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Wet Leg Album Review: Anarchic Spirit And Strains Of Bowie Combine For Momentous Debut LP

Globetrotting Isle of Wight band Wet Leg will officially release their long-anticipated eponymous debut LP next week.

The 12-track album is available for public consumption on Friday April 8.

The release kicks off with 'Being In Love', a provocatively potty-mouthed ode to romance, which provides a leisurely initiation.

The album's zenith arrives hot on its heels — breakout single 'Chaise Longue' still fresh after more than nine months of airplay.

Replete with innovative cadence and iconic inward-facing lyrics, the track probes: "Would you like us to assign someone to butter your muffin?" in homage to the film Mean Girls.

Recent single release 'Angelica' is another highlight with its tantalising bridge bursting through the deliberate malaise which bookends it.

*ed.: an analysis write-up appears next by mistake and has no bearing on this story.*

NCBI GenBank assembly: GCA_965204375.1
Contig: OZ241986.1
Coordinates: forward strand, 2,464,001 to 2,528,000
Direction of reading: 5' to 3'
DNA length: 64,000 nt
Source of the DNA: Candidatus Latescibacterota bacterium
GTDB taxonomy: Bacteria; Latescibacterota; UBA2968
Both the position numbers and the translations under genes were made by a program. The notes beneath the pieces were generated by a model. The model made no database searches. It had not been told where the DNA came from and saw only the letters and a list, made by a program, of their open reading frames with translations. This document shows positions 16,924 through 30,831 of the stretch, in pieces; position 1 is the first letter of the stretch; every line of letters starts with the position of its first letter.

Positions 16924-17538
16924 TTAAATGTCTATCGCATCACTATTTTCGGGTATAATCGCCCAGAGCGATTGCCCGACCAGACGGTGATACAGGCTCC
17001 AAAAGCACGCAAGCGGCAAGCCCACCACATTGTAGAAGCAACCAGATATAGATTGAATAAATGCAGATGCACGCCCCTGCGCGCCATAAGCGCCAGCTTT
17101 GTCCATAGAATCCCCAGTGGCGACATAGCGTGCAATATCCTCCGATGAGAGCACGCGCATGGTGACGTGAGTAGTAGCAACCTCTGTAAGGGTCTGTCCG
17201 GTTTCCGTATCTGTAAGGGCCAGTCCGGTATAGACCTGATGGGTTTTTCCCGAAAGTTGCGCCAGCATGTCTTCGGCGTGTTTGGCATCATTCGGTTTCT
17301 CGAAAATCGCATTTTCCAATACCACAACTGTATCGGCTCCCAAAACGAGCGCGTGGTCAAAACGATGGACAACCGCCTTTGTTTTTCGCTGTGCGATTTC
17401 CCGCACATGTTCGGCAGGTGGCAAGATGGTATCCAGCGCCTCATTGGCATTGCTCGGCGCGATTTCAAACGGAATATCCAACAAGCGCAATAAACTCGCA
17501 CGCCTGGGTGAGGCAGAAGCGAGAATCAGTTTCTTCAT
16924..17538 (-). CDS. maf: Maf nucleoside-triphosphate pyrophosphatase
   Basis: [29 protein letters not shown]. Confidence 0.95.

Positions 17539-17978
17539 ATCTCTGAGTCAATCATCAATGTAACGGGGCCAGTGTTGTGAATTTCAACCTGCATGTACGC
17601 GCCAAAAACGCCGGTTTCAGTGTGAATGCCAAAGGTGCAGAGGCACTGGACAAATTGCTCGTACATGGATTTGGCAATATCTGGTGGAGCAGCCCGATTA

Entrenched within the commotion, Wet Leg acts as a eulogy to other generations of musical peers, most notably courtesy of 'Don't Wanna Go Out', a song driven by subtle undertones of David Bowie's 'Man Who Sold The World'.

The placement of the risqué 'Wet Dream' triggers a welcome second wind for the LP following back-to-back leisurely cuts, and utilises the girls' gift for locating mirth in the mundane.

The concise, impactful track is second only to Chaise Longue in anthemic potential.

Ur Mum is another moreish cut which focuses on Rhian's desire to stretch beyond her hometown's claustrophobic borders.

The album's most acerbic offering is a grower which seductively meshes pop culture references and tongue-in-cheek vitriol.

Other highlights from the LP include the Sweet Home Alabama-lite baseline pumped out by 'Supermarket' and closing track 'Too Late Now' — one of five Wet Leg singles so far released.

The latter sees Rhian in fine fettle, waxing lyrical about her "shaved rat" while spraying dating app references around with gleeful abandon.

Wet Leg the album is a release rich in memorable music and one bursting at the seams with anarchic spirit.

The final word

Rhian and Hester continue to live up to escalating hype on both sides of the pond with an edifying and satire-rich debut launch.